• “I have loved you with an everlasting love; I have drawn you with unfailing kindness.” (Jeremiah 31:3)
  • “Be strong and courageous. Do not fear or be in dread of them, for it is the Lord your God who goes with you. He will not leave you or forsake you.” (Deuteronomy 31:6)
  • “The Lord your God is in your midst, a mighty one who will save; He will rejoice over you with gladness; He will quiet you by his love.” (Zephaniah 3:17, ESV)
  • “…so that Christ may dwell in your hearts through faith. And I pray that you, being rooted and established in love, may have power, together with all the Lord’s holy people, to grasp how wide and long and high and deep is the love of Christ, and to know this love that surpasses knowledge—that you may be filled to the measure of all the fullness of God.” (Ephesians 3:17-19, NIV)
  • “So we have come to know and to believe the love that God has for us. God is love, and whoever abides in love abides in God, and God abides in him.” (1 John 4:16)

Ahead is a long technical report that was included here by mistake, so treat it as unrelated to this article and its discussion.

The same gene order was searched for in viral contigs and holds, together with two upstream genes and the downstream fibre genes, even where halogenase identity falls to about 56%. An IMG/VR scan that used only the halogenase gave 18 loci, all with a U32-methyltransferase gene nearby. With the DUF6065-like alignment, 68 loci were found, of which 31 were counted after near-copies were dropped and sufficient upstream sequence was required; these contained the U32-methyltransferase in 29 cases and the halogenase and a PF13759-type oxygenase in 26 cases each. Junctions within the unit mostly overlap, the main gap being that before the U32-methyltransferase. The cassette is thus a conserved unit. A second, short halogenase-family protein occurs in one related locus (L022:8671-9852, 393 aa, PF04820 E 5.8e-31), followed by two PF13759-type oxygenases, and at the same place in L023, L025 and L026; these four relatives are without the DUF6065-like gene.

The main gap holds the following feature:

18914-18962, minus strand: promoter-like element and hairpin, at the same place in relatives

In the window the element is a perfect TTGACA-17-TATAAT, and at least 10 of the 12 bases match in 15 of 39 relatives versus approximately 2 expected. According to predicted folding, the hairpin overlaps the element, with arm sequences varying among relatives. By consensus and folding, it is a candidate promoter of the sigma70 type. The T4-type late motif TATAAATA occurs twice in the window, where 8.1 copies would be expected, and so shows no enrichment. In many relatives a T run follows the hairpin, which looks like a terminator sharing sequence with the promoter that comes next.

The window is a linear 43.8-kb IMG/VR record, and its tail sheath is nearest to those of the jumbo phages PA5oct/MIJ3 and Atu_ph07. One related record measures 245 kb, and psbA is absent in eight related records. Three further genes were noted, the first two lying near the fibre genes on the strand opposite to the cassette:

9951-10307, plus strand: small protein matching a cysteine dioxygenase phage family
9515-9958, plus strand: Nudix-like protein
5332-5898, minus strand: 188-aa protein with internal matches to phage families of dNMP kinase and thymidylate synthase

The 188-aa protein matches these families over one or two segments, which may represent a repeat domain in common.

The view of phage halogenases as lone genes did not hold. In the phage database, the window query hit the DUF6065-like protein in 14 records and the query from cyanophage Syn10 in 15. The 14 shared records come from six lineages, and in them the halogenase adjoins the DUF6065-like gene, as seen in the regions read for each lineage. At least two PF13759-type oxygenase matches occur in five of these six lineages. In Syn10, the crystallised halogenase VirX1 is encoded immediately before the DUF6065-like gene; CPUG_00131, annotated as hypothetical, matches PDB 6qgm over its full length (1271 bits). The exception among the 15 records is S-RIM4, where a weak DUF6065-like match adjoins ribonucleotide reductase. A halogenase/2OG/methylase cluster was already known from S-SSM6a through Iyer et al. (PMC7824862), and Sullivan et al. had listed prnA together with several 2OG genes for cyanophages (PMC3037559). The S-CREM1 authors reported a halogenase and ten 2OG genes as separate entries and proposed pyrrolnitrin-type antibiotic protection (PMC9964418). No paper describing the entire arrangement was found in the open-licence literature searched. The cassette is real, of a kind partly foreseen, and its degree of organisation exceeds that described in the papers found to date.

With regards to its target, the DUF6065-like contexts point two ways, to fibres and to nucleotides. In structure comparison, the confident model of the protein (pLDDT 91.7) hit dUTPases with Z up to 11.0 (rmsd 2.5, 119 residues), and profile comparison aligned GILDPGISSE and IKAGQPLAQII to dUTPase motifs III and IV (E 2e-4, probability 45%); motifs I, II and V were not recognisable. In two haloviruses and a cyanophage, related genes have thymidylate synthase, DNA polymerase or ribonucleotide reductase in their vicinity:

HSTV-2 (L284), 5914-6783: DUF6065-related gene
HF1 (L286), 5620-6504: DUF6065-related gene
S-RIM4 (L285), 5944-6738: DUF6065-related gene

• “Love bears all things, believes all things, hopes all things, endures all things. Love never ends.” (1 Corinthians 13:7-8a)

Our emptiness or feelings of unworthiness will never be satisfied entirely in human relationships, even the good ones. If I am seeking a big redemption story in a relationship here on earth, I will end up disappointed again and again. Don’t get me wrong- I believe that incredible healing can come within the context of healthy community and relationships. But until we recognize that the ONLY one who can fill up all of our empty spaces is God, we will always come up short.

In HIM, we can know that we are His beloved, that He chose us, that we are worthy, that He will never leave us. This is different than human love. Humans may reject or abandon us, they may put up walls or turn away. But not our God. This amazing Father, with loving arms, embraces us as His beloved children and fights for us. With Him, there is a precious guarantee- He is a God who keeps His promises and is unwavering in His character (Numbers 23:19).

In HIM, we are purely and perfectly loved.

 

*This post is part of a series about IDENTITY. If you want to read the series, here is the introduction (Who do you think you are?), followed by a post about our new-found purity in Christ, no matter how dirty we feel (I am clean, I am made new).